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Missouri golfers struggle at Mizzou Intercollegiate

Monday, April 7, 2008 | 10:36 p.m. CDT; updated 6:57 p.m. CDT, Wednesday, October 22, 2008
MU golf player Peter Malnati hits the ball during the first day of the Mizzou Intercollegiate tournament on Monday afternoon at The Old Hawthorne Golf Club.

COLUMBIA — Missouri junior Peter Malnati found his ball half submerged in a swampy hazard in front of the fourth green at The Club at Old Hawthorne. Malnati blasted the ball from the mud to 7 feet and drained the putt, saving par in his now mud-covered pants. Although his shot was one to remember, Monday was a day to forget for the Missouri men’s golf team.

On the opening day of the first annual Mizzou Intercollegiate, the Tigers felt confident that they could exorcise the demons that had plagued them all season and capture their first win of the 2007-08 season. Outside of Malnati’s 3-over 147, which left him tied for 10th place and still in contention for the individual title, Missouri continued to be tormented by high scores, despite hosting its first tournament on its home course in more than a decade. The Tigers shot a 615, leaving them in 10th place, just 3 shots ahead of last-place Xavier and 39 shots behind 36-hole leader Indiana.

Leaderboard

Team:

1. Indiana: 294, 282 - 576 2. Arkansas: 291, 293 - 584 T3. Wichita St.: 292, 297 - 589 T3. Iowa St.: 307, 282 - 589 5. Kansas St. 298, 293 - 591

Individual:

1. Jorge Campillo, Indiana: 72, 66 - 138 2. Andrew Landry, Arkansas: 69, 73 - 142 3. Randy Hutchinson, Michigan St.: 72, 71 - 143 Three tied at 144

Missouri:

T10. Peter Malnati: 74 - 73 - 147 T31. Tyler Hillis (individual): 77 - 74 - 151 T41. William Harrold: 80 - 74 - 154 T50. Bud Reynolds: 76 - 81 - 157 T59. Ryne Fisher: 78 - 82 - 160 61. Kyle Marcolla: 77 - 85 - 162 63. Beau Crawford: (individual): 89 - 82 - 171



Malnati, the sole bright spot for the Tigers, voiced his frustrations after his 36-hole day.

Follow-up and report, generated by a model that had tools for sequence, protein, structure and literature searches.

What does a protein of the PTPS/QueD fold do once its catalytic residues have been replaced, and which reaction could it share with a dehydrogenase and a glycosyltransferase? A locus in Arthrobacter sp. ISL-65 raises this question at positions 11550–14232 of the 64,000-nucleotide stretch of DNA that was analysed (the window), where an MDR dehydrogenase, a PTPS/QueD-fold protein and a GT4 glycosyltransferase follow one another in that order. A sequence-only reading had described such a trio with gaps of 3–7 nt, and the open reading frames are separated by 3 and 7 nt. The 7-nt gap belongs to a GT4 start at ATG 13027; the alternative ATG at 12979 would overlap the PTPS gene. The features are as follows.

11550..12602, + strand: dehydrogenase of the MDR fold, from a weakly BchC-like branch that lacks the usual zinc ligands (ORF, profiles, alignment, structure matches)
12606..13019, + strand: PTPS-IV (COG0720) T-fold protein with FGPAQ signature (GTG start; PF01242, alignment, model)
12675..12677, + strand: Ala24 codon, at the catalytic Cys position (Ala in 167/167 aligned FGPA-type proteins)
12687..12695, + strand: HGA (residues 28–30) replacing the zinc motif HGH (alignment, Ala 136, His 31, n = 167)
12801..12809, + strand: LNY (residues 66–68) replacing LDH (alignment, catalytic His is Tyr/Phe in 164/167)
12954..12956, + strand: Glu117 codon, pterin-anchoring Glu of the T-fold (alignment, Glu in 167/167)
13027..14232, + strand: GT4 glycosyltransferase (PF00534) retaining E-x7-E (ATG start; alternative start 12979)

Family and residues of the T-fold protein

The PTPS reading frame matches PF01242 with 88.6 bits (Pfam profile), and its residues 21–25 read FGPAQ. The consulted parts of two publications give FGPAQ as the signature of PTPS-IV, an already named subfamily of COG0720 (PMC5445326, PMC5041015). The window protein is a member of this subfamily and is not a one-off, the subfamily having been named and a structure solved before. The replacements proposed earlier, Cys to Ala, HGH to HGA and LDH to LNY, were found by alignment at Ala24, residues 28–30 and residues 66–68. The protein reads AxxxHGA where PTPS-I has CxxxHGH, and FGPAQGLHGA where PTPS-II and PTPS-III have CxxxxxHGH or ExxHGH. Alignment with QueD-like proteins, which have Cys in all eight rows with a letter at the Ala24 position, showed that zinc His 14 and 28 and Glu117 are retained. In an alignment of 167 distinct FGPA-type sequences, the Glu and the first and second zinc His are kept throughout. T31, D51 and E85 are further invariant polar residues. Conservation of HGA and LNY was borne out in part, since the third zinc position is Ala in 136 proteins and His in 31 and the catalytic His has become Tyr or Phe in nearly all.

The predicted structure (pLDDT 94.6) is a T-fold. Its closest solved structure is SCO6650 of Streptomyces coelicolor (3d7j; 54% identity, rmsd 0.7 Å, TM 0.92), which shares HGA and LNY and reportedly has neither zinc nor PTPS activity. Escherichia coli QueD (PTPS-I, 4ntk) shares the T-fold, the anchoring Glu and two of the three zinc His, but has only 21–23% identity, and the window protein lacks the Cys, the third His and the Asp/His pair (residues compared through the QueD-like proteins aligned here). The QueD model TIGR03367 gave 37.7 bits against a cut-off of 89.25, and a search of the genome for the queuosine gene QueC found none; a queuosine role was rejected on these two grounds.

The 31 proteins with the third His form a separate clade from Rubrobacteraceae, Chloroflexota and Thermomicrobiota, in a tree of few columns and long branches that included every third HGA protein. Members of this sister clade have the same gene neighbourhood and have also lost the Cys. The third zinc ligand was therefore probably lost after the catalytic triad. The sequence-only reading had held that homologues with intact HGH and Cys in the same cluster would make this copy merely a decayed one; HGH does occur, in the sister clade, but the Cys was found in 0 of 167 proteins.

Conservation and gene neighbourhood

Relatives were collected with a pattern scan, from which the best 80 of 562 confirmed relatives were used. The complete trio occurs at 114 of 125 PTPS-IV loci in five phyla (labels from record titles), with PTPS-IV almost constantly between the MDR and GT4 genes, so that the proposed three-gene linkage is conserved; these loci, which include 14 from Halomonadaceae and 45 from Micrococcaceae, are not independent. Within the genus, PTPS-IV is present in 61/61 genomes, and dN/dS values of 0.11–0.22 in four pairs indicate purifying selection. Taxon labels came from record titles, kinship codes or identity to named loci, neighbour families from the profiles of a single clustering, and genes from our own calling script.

“We were bad, and we shouldn’t be,” Malnati said. “It’s been going on for a long time, and we keep on saying, ‘This week, we’re going to turn it around this week,’ and yet here we are, on our home course, pumped up to turn it around, and we’re beating one team at the end of the day.”

Malnati’s miraculous par save was just one of several over his two rounds on Monday, but on his second-to-last hole, his par putt lipped out after landing his approach shot just 2-feet from the hole from 100 yards out. The bogey put Malnati at 1-over for his afternoon round after being as low as 2-under earlier in his round.

“I did have a fly pass right in front of my face right when I hit it, and kind of flinched,” Malnati said. “But if you can’t hit a two-foot putt with a swarm of flies buzzing around you, you’re in trouble, so there’s really no reason I should have missed that putt.”

Malnati is 9 shots behind leader Jorge Campillo of Indiana, who tied a course record with a 66 in his afternoon round.

Missouri coach Mark Leroux echoed Malnati’s disappointment with the team’s performance.

“We haven’t played very well all year,” Leroux said. “We felt like we had made some progress the last couple times out and now, coming to our home course, we felt like we really had a shot to rebound, but maybe we just put too much pressure on ourselves to perform today.”

Freshman William Harrold said the Tigers’ disappointing performance was surprising, considering the way he felt the team prepared.

“We all want to do good, I know that,” Harrold said. “I’m not sure about everyone else, but most of us have been practicing our butts off trying to get our game in shape.”

Thunderstorms in the forecast for today have left the tournament’s final round in doubt, but Malnati said he and his teammates know how important today’s round will be if they get a chance to play.

“We just want to come out tomorrow and play the round of the year,” Malnati said. “Even if we were up by 20, I’d still want to come out and play tomorrow.”


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